Varifocal Mirror

When I was in Gradual school at UNC Chapel Hill, there were so many cool graphics projects going on its tough to even remember them all. We had huge mechanical force feedback arms, head mounted displays, all kinds of special purpose hardware including the project I worked on (PixelPlanes).

But we had a really interesting device that mostly sat in the corner and wasn’t used much but I have fond memories of it. It was called the Varifocal Mirror. Here’s the paper about it if you want more info than is in this post. It’s from 1982. If you read the references you can find out that this kind of display dates back to the 1960s (link1, link2)

What I liked about it was that system was a very clever combination of some other devices along with some code.

The core idea from the paper:

The term varifocal mirror display could as well be called a “vibrating mirror display.” In this kind of system, 3D display is accomplished by the viewer observing the screen not directly, but by looking at a reflection of the screen in a flexible mirror (Figure 1). The mirror consists of flexible material such as aluminized mylar which is stretched taught over a rigid ring, like a drumhead. A loudspeaker mounted closely behind the ring is driven by a smooth sine wave of approximately 30Hz. The viewer’s image of the screen appears extended in depth due to the mirror’s vibrations. (A square image on the screen is extended into roughly rectangular parallelepiped behind the mirror.) Now the major step! The screen is chosen to be a point-plotting CRT with a fast phosphor, and the list of displayed points is refreshed onto the screen at the same rate the mirror is vibrating (30Hz.). Then any particular point will always appear on the screen at the same time in the refresh cycle and thus when the mirror is in the same position, so the point will appear to the viewer to be a particular depth in the parallelepiped. So, any collection of 3D points within the parallelepiped can be displayed simply by placing each 3D point at the place in the refresh buffer determined by its depth (Z) component.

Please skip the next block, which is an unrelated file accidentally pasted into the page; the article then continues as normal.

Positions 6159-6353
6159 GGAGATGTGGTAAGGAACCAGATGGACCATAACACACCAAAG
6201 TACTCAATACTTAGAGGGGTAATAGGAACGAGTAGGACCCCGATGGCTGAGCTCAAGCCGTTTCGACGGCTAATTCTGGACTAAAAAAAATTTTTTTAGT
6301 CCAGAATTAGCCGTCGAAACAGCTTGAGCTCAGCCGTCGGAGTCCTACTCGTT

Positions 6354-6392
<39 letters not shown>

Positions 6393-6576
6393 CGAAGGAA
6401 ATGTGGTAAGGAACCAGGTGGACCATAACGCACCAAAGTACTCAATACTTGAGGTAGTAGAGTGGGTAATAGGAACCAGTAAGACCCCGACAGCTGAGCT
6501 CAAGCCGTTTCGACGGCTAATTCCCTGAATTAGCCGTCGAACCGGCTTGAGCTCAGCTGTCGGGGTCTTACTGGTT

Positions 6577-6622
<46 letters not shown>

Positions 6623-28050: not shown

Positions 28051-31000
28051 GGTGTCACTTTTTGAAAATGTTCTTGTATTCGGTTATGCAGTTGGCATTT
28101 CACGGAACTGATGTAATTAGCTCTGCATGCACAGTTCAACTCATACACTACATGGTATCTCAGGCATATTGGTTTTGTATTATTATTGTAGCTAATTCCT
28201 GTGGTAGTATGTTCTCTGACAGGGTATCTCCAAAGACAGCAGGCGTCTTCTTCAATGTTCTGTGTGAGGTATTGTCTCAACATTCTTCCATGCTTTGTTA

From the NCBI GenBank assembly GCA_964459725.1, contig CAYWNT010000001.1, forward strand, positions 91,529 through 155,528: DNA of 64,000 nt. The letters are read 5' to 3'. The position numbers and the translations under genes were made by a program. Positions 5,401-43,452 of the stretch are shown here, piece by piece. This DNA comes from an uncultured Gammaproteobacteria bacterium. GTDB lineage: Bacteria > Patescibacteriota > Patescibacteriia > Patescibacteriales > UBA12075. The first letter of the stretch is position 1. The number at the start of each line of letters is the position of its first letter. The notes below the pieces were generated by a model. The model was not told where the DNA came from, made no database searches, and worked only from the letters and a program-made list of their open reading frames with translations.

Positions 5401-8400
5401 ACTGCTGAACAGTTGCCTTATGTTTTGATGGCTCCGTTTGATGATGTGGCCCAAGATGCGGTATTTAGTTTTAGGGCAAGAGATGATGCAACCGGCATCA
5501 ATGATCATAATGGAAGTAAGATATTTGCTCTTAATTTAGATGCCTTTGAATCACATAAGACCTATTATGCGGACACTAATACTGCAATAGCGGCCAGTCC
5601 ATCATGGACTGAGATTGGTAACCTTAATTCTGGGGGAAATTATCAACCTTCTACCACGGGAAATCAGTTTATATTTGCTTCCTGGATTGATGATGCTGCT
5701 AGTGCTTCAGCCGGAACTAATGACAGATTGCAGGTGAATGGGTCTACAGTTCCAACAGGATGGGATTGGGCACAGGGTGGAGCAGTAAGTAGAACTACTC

So there were actually two display devices working together to make the display. The first was an oscilloscope/CRT mounted from the ceiling displaying the dots that the user saw when looking down at the mirror. It had inputs for beam intensity and X,Y location on its screen.

The other part of the trick was how to generate these signals? We also had in the lab a programmable frame buffer called an Ikonas which had the normal R,G,B coax outputs you would see back in the day. Someone smarter than me realized you could just hook these up to X,Y, and Intensity to drive the other display. Now you just need to load an “image” into the frame buffer which would generate the dots on the CRT at the times they needed to be there to be in sync with the mirror. The frame buffer refresh is synced to the speaker’s sine wave.

Again from the paper:

This is what it all looked like:

The Ikonas was powerful enough that you could do realtime manipulation of the objects displayed on the device. It was just a point cloud but it really did look 3D w/o any special glasses etc.







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